What I feel is that you'll be "losing the customer" in the front two graphs as core count, core frequency, RAM capacity is not really something that clicks with average joe (apart from more is better). But is 2 GB RAM bad? is 4 GB RAM okay? is 8 GB RAM excessive? these are questions that you will want to be asked, but may not get them at this.

 

If you want are willing to keep benchmarks, you might as well do it that way and have a few key benchmark scores (graphed without numbers, but scaled) to represent a product:

 

e,g, (with appropriately dumbed down names, but I will give what they are in brackets)

 

Processing power (Composite Office Test, e.g. PCMark)

Gaming power (GPU+CPU benchmark, e.g. Firestrike)

Storage capacity (Stacked bar chart)

Startup speed (Essentially a SSD yes/no question, but make sure to show the fast speed as a big bar)

Battery performance (some app, no idea)

 

and along side this, the yes/no for various peripherals (webcam, mic, dvd-drive, age, etc etc). Basically you want to remove the people having to think about whether a certain geek feature (e.g. core count, ram capacity) makes the laptop good/bad or better than another one. 

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5 hours ago, HeyKitty said:

rough draft of something maybe like this for graphing?

Since I was procrastinating. As I was making it, I think the shopkeepers summary in less than 30 words gives it a nice touch to an otherwise very cooporate feeling tag (in fact, thinking about it now, I would put it on top of the key features and specs). Obviously more effort needs to go into characterizing the product a bit more, but maybe its worth it?

 

Other key features that average joe would benefit from:

Weight:

Screen size/touchscreen:

 

Details:

Screen Resolution

OS installed

USB port count and version

 

Things that aren't even worth mentioning (if they care, then they know enough to look it up or ask)

Core count

Core frequency

RAM frequency

Screen refresh rate

HDD RPM speed (this would be reflected in the startup speed, I guess)

 

image.thumb.png.2b89e0be352c23ea36b555272c14fb05.png

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9 hours ago, HeyKitty said:

I like this idea, the downside to this is it doesn't show some performance difference in computers, like a 6gb ram and an 8gb ram computer would both fall under the same category if all other things are equal.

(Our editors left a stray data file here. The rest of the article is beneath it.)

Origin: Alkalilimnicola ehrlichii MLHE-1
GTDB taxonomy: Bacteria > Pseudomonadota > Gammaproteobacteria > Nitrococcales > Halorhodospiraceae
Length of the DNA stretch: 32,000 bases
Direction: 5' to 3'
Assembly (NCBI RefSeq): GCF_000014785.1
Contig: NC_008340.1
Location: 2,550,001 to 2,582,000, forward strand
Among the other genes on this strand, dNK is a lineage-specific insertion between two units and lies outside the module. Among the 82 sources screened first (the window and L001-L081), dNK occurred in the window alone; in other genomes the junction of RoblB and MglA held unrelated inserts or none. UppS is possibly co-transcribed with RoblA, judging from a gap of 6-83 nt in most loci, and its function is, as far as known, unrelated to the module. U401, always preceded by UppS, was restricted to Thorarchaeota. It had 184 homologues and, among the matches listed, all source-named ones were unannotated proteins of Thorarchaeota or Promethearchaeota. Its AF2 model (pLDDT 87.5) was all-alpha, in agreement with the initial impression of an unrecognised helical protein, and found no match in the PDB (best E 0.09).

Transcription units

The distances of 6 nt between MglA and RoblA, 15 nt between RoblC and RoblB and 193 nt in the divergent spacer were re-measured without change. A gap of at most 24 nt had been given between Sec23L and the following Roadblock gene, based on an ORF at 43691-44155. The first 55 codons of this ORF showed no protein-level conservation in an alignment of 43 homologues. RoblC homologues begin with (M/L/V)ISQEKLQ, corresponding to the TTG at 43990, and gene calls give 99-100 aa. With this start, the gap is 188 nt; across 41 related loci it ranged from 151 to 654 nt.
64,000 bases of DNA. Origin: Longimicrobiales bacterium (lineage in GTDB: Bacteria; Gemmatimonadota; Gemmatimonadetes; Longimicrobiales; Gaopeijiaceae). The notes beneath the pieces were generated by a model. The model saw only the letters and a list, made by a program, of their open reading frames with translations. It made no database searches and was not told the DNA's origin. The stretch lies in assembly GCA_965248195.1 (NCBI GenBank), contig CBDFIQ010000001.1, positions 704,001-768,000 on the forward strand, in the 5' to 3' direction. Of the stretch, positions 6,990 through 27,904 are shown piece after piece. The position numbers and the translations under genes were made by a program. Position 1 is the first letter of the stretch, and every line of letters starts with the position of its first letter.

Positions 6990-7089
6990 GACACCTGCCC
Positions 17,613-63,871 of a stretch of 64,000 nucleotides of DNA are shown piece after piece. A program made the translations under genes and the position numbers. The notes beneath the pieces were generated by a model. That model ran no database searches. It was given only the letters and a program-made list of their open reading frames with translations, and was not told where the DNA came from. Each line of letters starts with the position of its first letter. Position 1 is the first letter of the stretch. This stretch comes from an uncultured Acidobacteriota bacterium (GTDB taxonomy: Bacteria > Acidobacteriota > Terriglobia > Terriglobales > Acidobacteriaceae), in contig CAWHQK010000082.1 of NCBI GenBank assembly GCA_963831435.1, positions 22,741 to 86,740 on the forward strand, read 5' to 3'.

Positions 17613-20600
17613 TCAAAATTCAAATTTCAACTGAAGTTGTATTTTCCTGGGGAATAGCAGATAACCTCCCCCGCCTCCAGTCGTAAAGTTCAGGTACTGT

See, what Walmart does is good better best, but be honest, if it’s a core 2 duo with 1gb ram, c2d might maybe be average likely slightly below average, 1gb of ram is below average, stuff like that

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9 hours ago, HeyKitty said:

This may be an odd/unique opportunity, but I am curious what your opinions are.  some things to note:

  • I own a brick/mortar computer repair business.
  • I get a lot of elderly/not techy customers.
  • My computer advertising may not be the best for refurbished systems, and need help improving.

 

So lets say one of your relatives came to me looking for a computer, and you couldn't be there to help them in the moment.

 

Currently on each computer for sale I have a little card with the "greek" on it. exactly like:

image.png.648ad2b630fcdc7cb9ceeac12723d8e6.png

 

and I am curious on improving it, as this is good for more techy people like us, this means nothing to someone who thinks a 1Tb hdd is better than a 500gb ssd.

 

What ideas/suggestions do you all have?  Is there good software that "rates" (or gives multiple ratings would be even better) computers based on hardware performance?

Use broad definitions such as "Strong" "Reliable" "Reasonable" (the honest thing is if you also try to meet such expectations)  and dont get too much into techy stuff.

 

Just broad definitions and pricetag(<-- use positive adjectives for that too e.g best price, offer, or bring dead lines only until X date etc)  let the people who actually care and are one step before buying it to ask you technical specs. 

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13 hours ago, For Science! said:

Since I was procrastinating. As I was making it, I think the shopkeepers summary in less than 30 words gives it a nice touch to an otherwise very cooporate feeling tag (in fact, thinking about it now, I would put it on top of the key features and specs). Obviously more effort needs to go into characterizing the product a bit more, but maybe its worth it?

 

Other key features that average joe would benefit from:

Weight:

Screen size/touchscreen:

 

Details:

Screen Resolution

OS installed

USB port count and version

 

Things that aren't even worth mentioning (if they care, then they know enough to look it up or ask)

Core count

Core frequency

RAM frequency

Screen refresh rate

HDD RPM speed (this would be reflected in the startup speed, I guess)

 

image.thumb.png.2b89e0be352c23ea36b555272c14fb05.png

You wouldnt have saved this document?  This is pretty much perfect I believe 🙂

THIS IS MY SUPER TEENY TINY SIGNATURE!

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Some would argue it is the cutest little signature ever.